At festival time Scotland always seems a crowded place. The population of Edinburgh itself almost doubles. But this week we have official confirmation that the Scottish population is continuing to increase and there are now 5.3 million of us.
It’s also becoming a pretty hot place, with the month of July being the second warmest since records began. Temperatures were reaching over 30 degrees, enough to melt the hardest hearts.Edinburgh folk do not always warm to the festivals, until they realise that they bring in £250 million of extra business. There are six festivals, all crammed into the city in the month of August.
The main international festival, the even more famous “fringe”, the book festival, the arts festival, the Tattoo and the Mela. As I stood in the queue for a Jane Austin show, I was showered with flyers for operas, musicals, dramas, and as many comedy shows as any man’s sense and sensibilities could stand.
At this time of year, the Royal Mile becomes a medieval market place, selling talent, ambition, hope, energy, humour and funny costumes. The Fringe alone this year has 2,871 shows, involving 24,000 artists from 41 different countries. The book festival, in its tented village in Charlotte Square, has 700 readings scheduled and is expecting 200,000 visitors. I remember going to first book festival 30 years ago, still tented but tentative.The official international festival has cost an estimated £10m to stage and has the unlikely theme this year of “art and technology”…..ranging from the anatomical drawings of Leonardo da Vinci to Beethoven’s Fidelio set in a spaceship. The Russian National Orchestra is coming to play Rachmaninov. Meredith Monk will sing a meditation on the environment and the well-named Benjamin Millepied will bring his dance troop from Los Angeles.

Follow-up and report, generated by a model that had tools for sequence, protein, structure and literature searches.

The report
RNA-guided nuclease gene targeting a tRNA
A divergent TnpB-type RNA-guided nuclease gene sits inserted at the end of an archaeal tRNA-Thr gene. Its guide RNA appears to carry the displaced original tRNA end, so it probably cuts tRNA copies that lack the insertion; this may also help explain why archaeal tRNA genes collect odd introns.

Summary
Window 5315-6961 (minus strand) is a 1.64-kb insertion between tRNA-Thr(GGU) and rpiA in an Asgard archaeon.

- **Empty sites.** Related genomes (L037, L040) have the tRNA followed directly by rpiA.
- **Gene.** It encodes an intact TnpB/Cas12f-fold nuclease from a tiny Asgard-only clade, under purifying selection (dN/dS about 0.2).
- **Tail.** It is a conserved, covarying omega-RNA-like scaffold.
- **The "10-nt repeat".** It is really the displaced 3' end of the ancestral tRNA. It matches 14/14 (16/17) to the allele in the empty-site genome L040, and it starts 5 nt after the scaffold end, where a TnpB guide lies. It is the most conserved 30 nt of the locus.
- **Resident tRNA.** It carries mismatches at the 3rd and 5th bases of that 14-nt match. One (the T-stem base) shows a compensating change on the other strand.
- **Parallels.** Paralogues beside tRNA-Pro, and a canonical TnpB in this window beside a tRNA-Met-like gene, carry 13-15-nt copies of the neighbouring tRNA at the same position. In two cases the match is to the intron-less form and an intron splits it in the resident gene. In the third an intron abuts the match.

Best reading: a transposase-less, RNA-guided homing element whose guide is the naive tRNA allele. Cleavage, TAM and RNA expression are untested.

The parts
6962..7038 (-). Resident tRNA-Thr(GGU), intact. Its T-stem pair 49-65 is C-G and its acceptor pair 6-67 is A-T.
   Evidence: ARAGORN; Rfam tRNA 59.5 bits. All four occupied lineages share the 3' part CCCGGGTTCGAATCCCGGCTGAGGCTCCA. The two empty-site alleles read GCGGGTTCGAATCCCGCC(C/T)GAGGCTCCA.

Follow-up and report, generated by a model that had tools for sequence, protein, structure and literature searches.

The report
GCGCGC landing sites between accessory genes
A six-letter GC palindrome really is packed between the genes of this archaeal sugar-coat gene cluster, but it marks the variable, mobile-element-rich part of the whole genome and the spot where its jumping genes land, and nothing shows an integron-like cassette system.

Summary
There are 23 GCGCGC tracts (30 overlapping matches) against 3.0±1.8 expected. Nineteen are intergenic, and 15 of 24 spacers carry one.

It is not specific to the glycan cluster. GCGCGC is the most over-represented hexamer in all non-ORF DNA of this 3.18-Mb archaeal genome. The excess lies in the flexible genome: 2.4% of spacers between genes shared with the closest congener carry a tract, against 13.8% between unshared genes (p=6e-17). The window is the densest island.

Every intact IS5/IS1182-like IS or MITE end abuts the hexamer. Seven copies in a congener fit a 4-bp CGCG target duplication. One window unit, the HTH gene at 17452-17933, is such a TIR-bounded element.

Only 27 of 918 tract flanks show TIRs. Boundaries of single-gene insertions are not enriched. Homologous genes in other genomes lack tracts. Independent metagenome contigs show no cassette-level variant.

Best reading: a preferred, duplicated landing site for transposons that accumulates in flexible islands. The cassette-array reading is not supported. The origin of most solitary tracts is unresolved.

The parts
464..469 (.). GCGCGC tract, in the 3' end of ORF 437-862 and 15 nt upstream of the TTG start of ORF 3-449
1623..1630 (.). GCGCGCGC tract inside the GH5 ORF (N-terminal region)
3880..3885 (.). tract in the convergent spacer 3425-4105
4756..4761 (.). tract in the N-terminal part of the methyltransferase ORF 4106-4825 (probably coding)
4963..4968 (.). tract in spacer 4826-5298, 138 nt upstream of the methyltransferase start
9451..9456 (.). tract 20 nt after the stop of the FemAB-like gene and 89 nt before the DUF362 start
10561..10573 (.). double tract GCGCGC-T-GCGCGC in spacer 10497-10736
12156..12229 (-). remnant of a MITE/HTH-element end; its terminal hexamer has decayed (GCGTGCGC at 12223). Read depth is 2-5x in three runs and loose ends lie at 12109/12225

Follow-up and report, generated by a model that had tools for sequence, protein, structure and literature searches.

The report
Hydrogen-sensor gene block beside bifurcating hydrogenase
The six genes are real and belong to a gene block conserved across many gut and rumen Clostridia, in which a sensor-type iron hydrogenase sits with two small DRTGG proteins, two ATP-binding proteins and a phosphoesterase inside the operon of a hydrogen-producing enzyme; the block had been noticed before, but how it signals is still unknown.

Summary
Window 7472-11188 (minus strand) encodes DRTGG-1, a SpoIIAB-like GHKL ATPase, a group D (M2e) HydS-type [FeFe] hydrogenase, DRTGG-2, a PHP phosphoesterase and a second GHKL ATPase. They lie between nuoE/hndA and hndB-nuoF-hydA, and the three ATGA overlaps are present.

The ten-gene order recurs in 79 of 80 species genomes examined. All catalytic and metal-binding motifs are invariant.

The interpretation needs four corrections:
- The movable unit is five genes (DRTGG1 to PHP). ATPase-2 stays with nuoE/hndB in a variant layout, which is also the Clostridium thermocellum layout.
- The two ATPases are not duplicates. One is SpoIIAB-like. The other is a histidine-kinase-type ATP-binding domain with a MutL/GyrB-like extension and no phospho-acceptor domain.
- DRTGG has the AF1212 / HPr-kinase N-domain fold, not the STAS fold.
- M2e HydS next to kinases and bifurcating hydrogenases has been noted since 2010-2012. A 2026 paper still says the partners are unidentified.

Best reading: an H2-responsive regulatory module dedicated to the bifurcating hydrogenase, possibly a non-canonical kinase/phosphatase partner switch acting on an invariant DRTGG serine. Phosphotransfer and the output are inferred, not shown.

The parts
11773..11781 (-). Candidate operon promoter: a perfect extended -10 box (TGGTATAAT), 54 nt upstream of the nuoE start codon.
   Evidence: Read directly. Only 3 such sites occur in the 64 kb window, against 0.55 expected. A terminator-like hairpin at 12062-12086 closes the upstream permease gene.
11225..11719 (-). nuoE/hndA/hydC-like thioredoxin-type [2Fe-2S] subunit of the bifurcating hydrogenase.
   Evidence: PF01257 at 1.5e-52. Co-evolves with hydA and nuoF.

Towards the end of the month, just before the closing fireworks, the Scottish Parliament will be staging its own “festival of politics.” It promises an earnest discussion on “Scotland’s place in the world.” This is dangerous talk. It could include such delicate subjects as independence, nationalism, the Union ( both UK and EU) and perhaps a nostalgic look over our shoulders at the glory days of the Enlightenment, our role in the industrial revolution, in the Empire, in science and invention.
It would be easy to conclude that we have lost the place. Our big metal industries have gone. Our education system is no longer the best in the world (though there has been a 2 per cent rise this year in the number of Scottish pupils gaining places at university.) The health service is creaking. Wages are falling. A third of all workers, we learned this week, are now in part-time or temporary work. Things are falling apart. Even the Vikings are back – this year’s Viking Congress is being held in Shetland for the first time in 20 years.But I like to think we are still a nation of enterprise and discovery. It’s just a pity it’s all happening in virtual subjects I don’t understand…particle physics, the bio-sciences and computer games. Give me steam engines, sailing ships, and rock science any day.
I was in Perthshire a few days ago and was lucky enough to stumble on the Earthquake House in Comrie. This little stone building was erected in 1874 to record the minor earthquakes which occasionally shake the village because it stands on an ancient fault line between the Highlands and the Lowlands. It was the inspiration of the so-called “Comrie pioneers” – two ministers and, later, the village post-master and shoe-maker who carefully recorded the vibrations of a pendulum as it traced the slightest earth tremor. (There are hundreds each year in the UK.)
They were tweedy citizen scientists, trying to work out what was happening deep in the centre of the Earth. I hope we have a similar spirit of inquiry today. And I like to think that amidst the fireworks and the entertainment of the Edinburgh festivals, there are also the sparks of human inquisitiveness, energy and imagination.